The soup of the week is Winter Wild Rice soup. This has sweet potatoes, mushrooms, wild rice, coconut milk, fresh herbs and spices-- good for a cold winter in Colorado.

We have Caprese Salad to remind us of warmer days. As usual, this is fresh mozzarella, heirloom tomatoes (or the best tomatoes we can get), fresh basil, extra virgin olive oil, and balsamic vinegar topped with sea salt.

Image courtesy of Belton Farms

The Cheese this week is a Port Wine Derby Cheese from Belton Farms in England. Derby cheese is similar to Cheddar, but milder, and in this case the curds are soaked in port wine before being pressed, giving it vibrant color and a deep berry-like flavor. We are serving this with Onion and Fresh Thyme Marmalade, and I heartily recommend this with Zinfandel.

At Dinner, we suggest the Pan-Seared Steelhead Trout with Cranberry Dijon, Roasted Asparagus and Sticky Rice. Steelhead Trout and Rainbow trout are the same fish biologically, but for culinary purposes they are very different. Once trout travel to the sea they become larger and have more fat-- like their close cousins in the salmon family. Steelhead falls somewhere between trout and salmon in texture, and it will be nice with this sauce. I recommend a California Chardonnay, a Gruner Veltliner would be even better. If you have a favorite wine that is not on the wine list, please let Lora know.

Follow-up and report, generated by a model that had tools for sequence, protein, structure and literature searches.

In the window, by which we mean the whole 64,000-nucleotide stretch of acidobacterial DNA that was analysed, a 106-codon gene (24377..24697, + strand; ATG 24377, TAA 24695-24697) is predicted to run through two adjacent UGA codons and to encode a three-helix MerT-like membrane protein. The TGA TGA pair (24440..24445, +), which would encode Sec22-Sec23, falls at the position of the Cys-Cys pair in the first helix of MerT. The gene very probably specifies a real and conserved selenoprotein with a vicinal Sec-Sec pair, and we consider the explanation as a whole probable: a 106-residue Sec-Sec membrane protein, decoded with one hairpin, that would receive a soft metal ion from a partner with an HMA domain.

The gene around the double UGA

Please try the Grilled Ribeye Steak topped with a Maple Bourbon Butter, served with roasted roma tomatoes and hasselback potatoes. We use Certified Angus Beef for this cut. CAB (as it's known in the industry) has been around since the 1970's. The industry recognized that the USDA grading system left a lot to be desired. Most of the beef served in fine restaurants is graded USDA Choice, but that designation has such a broad spectrum of acceptable quality that it was (and is) pretty much useless. This brand began making it's own standards of quality that was above and beyond what was required and the industry responded by making it the most popular high end beef available. Since then many other brands have arisen with similar standards of quality but CAB remains the most chosen. I made CAB our standard here at Vi in 2012, and saw a dramatic increase in compliments and a decrease in steaks sent back to the kitchen. During the pandemic, we were forced to use other brands such as Gold Canyon and Sterling Silver which worked just as well. The sole supplier for CAB in Colorado is Lombardi Beef (with some exceptions from US Foods), but Lombardi was recently purchased by another company and I am waiting to see what happens before I commit fully to CAB again.